provided by other bundle.
Do you think that such
refactoring introduces big risk in current eclipse environment?
We agreed that it's
good to have them separated from engine:)
About the prototype you mentioned - we are very interested to see
it built and running around simple APIs like those we have
talked about. Where can it be found?
about our modification of engine - the listed bundles are all the
bundles modified engine depends on (at least from resolving point of
view). We have refactored "org.eclipse.equinox.p2.repository" not to use
jobs and ECF. We are thinking of another
transfer implementation since ECF is too complex, but we don't have a
solution yet. Modified p2 bundles still use
equinox.common, but that dependency could be easily
have target size - around 1MB, but we aim more at reducing dependencies than
sticking to that size.
our use case is clearer now.
very much for the help and comments.
forward to hear from you,
Thank you for your interest in p2.
Minimizing p2's footprint, improving its embed-ability and seeing it taken to
new places are themes that we are all pretty interested in.
When we set out to do p2, it was
not only meant to be used by Eclipse but as a general provisioning platform.
However, as you have discovered, being the Eclipse guys, we reused the
concepts that we were the most familiar with (extension registry, progress)
because of expediency but also because our first delivery vehicle and target
was the Eclipse SDK and a tight integration with the rest of the platform was
necessary (ability to cancel, provide feedback to the user, etc).
Now that p2 has matured and people
see the value of the platform, feedback and request for enhancements like
these are really welcome and I'm really interested in understanding the
background for those changes and see how they can be accommodated.
Now on to the specifics:
You seem to be concerned about the
coupling with Eclipse. I can see where this would happen, but would appreciate
if you could provide more details as to why you see some of these parts being
more binding to eclipse than others. For example I gathered that you would not
want to see the extension registry in your final solution, but is this because
of its size? of its eclipse specific nature? What about status and progress
>What is removed (as
dependencies and functionality):
Status the eclipse
way of returning errors in a structured way. Without it, how would you go
about communicating back a more detailed error about what went wrong during
the execution of the plan?
monitoring has been added when we started working on the UI. Even though it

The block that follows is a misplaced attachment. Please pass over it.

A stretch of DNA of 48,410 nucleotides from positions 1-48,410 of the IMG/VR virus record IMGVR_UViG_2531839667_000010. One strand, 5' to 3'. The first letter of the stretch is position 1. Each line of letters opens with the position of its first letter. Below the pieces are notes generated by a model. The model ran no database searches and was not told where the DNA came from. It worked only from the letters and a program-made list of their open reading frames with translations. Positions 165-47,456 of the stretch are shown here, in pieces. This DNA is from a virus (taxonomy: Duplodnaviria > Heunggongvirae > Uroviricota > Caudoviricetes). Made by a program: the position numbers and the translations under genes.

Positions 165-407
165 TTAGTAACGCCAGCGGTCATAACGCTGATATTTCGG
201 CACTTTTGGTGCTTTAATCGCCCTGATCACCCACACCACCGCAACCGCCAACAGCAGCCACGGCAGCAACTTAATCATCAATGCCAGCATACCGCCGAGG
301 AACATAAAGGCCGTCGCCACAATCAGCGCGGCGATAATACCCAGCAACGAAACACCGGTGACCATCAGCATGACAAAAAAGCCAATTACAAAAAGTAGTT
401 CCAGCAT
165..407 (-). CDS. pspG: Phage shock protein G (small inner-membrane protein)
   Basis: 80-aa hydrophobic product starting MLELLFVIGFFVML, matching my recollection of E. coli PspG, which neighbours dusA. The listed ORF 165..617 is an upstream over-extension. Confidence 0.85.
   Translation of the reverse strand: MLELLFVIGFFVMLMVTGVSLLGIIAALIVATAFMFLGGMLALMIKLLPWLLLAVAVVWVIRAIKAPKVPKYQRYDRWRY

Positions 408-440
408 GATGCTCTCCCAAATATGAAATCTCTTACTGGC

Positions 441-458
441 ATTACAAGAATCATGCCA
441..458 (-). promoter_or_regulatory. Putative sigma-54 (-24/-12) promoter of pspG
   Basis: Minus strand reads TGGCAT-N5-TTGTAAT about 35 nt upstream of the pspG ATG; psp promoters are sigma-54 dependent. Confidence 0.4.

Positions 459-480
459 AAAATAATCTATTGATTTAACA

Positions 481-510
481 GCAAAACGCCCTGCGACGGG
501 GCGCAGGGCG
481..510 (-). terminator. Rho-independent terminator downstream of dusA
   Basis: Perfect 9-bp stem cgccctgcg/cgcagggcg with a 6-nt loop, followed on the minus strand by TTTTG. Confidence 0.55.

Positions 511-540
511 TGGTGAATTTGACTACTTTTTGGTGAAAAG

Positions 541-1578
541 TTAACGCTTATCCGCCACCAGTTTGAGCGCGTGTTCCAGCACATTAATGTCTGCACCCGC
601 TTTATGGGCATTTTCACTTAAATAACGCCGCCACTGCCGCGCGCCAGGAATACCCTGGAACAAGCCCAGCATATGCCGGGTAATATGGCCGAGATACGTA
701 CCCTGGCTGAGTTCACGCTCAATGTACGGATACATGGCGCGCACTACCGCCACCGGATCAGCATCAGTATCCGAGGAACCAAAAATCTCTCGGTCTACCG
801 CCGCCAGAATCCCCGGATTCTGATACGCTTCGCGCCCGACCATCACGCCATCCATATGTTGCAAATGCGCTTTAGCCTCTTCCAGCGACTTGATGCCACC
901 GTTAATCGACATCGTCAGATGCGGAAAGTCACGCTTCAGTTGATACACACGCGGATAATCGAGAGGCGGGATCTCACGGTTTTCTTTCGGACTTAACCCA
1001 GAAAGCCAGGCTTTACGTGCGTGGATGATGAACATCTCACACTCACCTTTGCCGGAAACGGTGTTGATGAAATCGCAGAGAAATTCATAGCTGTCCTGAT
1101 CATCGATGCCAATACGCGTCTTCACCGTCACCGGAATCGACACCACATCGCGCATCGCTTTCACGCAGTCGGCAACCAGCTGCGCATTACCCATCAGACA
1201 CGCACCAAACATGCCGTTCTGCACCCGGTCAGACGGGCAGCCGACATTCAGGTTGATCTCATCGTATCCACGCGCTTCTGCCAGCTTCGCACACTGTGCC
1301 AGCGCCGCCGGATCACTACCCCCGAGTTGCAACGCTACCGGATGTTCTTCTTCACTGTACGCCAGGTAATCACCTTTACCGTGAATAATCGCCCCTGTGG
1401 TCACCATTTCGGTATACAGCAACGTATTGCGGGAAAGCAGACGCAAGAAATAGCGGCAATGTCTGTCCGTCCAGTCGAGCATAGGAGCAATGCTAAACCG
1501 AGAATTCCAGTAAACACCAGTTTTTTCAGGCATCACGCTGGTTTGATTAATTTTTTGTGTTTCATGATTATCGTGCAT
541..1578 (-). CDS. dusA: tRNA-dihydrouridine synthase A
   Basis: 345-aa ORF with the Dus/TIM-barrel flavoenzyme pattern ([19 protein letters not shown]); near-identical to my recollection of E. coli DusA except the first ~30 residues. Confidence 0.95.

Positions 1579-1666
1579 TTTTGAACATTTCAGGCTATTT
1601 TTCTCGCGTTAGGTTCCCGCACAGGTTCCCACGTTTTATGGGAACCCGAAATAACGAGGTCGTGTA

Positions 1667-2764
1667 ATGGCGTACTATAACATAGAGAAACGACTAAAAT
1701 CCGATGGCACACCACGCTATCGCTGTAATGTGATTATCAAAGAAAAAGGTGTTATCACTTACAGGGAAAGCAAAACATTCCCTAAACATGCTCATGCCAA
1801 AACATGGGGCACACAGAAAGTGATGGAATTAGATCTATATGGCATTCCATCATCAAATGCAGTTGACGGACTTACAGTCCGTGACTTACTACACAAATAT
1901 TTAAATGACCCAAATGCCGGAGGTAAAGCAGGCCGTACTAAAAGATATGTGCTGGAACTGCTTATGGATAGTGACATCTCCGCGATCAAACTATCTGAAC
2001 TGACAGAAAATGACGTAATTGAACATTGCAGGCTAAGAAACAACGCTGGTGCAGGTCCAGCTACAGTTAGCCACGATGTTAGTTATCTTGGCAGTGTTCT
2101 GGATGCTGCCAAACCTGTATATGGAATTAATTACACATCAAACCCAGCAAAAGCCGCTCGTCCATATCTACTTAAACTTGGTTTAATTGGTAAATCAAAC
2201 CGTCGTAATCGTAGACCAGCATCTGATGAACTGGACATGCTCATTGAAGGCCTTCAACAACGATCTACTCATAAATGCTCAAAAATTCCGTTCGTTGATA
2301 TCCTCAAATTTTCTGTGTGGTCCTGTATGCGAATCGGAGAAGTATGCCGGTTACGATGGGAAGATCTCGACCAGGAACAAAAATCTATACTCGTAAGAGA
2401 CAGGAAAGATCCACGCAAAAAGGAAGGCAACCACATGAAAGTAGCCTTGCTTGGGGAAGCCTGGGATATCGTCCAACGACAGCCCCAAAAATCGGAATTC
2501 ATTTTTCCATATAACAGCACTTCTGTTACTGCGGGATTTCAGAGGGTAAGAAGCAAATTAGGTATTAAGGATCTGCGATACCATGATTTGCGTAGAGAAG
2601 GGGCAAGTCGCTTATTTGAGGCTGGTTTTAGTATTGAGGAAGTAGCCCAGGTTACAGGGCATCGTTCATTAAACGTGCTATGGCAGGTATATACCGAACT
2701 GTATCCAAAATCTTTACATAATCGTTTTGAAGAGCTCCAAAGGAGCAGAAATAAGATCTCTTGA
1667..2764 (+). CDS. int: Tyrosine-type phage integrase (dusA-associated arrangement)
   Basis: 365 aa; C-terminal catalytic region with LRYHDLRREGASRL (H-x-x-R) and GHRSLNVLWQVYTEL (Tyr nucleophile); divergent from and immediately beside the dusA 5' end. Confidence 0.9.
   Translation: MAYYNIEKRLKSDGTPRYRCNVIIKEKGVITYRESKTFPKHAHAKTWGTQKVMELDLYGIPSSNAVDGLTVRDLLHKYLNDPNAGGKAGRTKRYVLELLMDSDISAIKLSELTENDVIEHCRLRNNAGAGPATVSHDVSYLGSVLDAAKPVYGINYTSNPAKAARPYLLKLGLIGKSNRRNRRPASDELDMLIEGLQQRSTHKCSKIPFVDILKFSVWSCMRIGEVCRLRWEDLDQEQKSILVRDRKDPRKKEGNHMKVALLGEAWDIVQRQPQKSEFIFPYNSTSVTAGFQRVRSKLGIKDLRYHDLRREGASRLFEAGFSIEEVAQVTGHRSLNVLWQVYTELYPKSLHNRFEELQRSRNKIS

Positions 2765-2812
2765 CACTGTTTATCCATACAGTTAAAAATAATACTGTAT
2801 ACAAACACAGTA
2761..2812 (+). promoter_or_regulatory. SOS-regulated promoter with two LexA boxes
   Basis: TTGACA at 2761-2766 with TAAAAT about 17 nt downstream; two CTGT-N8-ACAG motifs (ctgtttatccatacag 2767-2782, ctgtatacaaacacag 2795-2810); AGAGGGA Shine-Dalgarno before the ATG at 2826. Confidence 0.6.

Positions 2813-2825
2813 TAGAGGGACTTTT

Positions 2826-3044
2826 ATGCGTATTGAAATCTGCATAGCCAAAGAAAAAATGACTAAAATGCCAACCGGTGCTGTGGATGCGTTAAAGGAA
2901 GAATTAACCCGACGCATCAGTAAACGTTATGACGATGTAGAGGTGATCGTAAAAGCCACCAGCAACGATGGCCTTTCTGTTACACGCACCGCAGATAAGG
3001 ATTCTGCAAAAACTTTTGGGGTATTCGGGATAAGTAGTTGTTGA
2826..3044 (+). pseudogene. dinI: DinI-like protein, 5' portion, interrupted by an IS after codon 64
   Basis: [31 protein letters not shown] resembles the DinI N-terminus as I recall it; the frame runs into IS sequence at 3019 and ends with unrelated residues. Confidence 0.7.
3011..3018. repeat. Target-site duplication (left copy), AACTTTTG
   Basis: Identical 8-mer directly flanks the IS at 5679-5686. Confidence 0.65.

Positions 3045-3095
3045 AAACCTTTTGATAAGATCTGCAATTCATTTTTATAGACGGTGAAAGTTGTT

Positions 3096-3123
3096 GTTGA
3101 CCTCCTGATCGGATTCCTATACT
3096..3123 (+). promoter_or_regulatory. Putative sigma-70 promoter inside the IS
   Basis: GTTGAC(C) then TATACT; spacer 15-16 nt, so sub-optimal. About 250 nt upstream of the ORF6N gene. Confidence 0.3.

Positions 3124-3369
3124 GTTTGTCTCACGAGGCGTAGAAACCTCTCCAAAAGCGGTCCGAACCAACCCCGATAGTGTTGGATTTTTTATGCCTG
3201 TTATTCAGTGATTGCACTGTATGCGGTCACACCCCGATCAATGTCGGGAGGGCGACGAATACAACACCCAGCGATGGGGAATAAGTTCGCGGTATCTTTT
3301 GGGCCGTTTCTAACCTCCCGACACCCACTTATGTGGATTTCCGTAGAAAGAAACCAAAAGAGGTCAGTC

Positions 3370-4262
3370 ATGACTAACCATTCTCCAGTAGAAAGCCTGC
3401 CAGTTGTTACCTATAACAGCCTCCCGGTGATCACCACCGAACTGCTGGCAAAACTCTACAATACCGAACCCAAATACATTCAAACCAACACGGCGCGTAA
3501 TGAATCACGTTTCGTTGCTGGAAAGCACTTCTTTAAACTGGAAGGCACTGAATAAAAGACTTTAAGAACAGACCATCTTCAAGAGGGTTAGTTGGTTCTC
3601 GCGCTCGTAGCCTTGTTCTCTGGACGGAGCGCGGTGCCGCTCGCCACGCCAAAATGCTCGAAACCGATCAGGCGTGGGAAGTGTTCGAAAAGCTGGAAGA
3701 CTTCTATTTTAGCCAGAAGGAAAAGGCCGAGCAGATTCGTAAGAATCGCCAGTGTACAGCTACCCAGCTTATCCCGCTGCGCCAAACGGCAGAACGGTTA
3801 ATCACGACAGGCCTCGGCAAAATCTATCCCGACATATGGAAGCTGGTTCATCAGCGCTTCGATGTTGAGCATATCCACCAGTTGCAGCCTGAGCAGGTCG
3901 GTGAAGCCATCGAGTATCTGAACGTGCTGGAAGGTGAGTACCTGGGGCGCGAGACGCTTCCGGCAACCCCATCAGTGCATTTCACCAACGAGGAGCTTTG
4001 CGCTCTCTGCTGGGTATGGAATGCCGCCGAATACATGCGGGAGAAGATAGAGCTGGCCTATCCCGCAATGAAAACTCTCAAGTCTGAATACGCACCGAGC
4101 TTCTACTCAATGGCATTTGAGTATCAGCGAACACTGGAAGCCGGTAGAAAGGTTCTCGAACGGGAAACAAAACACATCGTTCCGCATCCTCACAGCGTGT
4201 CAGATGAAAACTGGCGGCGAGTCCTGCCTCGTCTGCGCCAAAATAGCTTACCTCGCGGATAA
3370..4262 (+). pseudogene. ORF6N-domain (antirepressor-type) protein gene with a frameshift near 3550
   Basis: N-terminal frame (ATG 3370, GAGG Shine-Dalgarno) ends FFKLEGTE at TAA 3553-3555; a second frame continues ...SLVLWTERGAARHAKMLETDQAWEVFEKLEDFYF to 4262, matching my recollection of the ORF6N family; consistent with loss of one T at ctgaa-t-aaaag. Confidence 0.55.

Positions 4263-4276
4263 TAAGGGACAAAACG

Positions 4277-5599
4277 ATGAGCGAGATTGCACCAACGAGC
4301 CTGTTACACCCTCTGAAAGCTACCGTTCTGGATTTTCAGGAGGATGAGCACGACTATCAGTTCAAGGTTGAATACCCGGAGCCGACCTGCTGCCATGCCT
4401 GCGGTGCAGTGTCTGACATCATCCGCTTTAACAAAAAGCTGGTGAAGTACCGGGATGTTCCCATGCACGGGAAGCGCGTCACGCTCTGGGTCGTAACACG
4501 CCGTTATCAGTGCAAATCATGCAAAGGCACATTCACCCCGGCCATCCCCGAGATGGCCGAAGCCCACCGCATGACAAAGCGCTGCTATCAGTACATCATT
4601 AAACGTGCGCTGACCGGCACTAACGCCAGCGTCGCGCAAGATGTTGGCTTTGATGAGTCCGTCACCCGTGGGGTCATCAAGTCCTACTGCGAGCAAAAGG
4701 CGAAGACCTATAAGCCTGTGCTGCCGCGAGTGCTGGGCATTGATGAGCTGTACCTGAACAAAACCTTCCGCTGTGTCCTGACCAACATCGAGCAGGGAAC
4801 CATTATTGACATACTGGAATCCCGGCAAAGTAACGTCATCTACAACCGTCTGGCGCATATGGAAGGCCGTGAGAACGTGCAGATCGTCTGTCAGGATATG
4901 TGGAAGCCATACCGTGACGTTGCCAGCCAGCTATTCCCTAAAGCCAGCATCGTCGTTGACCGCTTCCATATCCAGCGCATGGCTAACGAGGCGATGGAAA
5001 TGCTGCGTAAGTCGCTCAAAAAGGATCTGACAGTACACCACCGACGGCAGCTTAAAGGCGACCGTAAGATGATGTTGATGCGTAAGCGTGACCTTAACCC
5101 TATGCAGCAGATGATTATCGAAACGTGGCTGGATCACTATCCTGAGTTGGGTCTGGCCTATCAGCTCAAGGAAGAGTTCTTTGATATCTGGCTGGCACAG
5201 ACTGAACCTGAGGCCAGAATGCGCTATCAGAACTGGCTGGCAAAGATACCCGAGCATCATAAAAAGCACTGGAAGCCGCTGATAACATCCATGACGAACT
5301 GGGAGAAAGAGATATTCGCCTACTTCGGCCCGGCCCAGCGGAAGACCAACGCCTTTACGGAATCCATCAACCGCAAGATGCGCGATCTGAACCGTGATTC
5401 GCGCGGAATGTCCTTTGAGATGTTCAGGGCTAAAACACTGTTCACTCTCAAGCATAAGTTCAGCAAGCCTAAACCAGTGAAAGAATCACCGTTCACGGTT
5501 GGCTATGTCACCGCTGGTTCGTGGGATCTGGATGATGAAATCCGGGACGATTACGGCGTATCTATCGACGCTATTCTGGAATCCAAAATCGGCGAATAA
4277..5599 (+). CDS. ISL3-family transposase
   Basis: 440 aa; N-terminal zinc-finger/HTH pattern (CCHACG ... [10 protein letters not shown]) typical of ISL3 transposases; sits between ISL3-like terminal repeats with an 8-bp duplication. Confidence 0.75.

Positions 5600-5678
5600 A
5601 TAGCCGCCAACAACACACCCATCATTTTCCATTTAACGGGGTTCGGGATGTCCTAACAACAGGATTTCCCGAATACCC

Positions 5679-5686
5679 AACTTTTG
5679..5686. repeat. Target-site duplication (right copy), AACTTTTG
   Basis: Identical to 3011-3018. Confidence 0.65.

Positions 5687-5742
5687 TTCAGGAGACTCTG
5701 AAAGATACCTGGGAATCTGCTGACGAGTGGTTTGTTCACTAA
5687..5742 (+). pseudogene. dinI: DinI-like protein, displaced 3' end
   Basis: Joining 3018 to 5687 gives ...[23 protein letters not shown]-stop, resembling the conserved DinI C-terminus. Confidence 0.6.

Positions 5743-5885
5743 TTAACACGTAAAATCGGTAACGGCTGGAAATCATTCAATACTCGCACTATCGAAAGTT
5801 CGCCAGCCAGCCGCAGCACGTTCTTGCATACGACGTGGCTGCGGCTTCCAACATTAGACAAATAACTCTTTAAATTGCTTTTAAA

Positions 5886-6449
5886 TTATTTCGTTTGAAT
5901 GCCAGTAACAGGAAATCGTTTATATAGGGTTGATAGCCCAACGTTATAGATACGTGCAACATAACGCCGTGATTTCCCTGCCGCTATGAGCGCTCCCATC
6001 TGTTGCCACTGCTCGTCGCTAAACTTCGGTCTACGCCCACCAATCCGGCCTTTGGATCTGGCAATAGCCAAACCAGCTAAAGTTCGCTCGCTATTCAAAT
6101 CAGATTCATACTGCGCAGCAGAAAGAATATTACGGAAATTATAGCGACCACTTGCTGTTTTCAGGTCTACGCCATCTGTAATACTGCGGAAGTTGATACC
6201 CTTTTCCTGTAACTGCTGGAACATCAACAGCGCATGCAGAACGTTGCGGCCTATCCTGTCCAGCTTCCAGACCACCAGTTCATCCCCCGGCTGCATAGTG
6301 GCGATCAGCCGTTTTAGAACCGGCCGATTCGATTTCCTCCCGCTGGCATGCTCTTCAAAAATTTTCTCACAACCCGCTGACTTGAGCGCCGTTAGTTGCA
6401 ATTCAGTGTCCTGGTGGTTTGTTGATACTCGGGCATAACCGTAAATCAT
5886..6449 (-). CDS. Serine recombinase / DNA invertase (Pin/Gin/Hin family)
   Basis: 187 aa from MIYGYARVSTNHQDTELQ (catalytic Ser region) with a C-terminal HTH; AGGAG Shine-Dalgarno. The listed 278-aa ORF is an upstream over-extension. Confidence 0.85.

"pollutes" the API, it turns out that it often a good way to be able to cancel
a stuck download or also figure out where the system's at. Is this a matter of
What is interesting about those 2 previous
items is that it resemble the shape of the first prototype I did :) The API
eventually evolved into what it is today because of the requirements of
serviceability and usability.
The profile event was
meant as a mechanism to decouple some of the p2 entities and also provide for
external monitoring. You can probably do without it if you had no external
piece that needed to monitor the progress of the engine. I would really like
to understand what you have in mind here?
Are you removing this because you don't want
to store the profiles at all, or because you know you will only work against
This will likely be trickier to remove since
this is used by the repository managers to store their repositories. Should
the issue be with the dependency on eclipse.preferences, I'm sure we can find
a way to replace the equinox.preferences.
This interface, as well as most of the
implementation of the phases can be moved out of the engine bundle.
> We have an idea about
refactoring touchpoints as OSGi services which are standard instead of using
eclipse specific extension points. We'd like to hear your opinion about
The actions and touchpoints are all
encapsulated in the ActionManager and the TouchpointManager. The intent was
for those to be "replaceable" and allow for actions and touchpoints to be
contributed differently. I do not see any particular difficulty with
Again should the goal be to remove the usage
of the extension registry, then you will need something similar in the
metadata repository bundle.
>Modified in that way p2 engine
depends only on (no other transitive dependencies):
>(Except OSGi framework,
services and declarative services implementation)
In introduction you
were mentioning how you were worried about size and coupling, what is your
targeted size? With these set of changes you definitely cut the dependencies
from the engine itself, but similar dependencies are brought in from
p2.repository (for example it depends on jobs, ECF and equinox.common). Also
are you thinking of writing your own touchpoints or reusing some of the ones
we already provide?
What are the things
you absolutely don't want to see and why?
Hope this helped and I'm really
looking forward to hear your answers.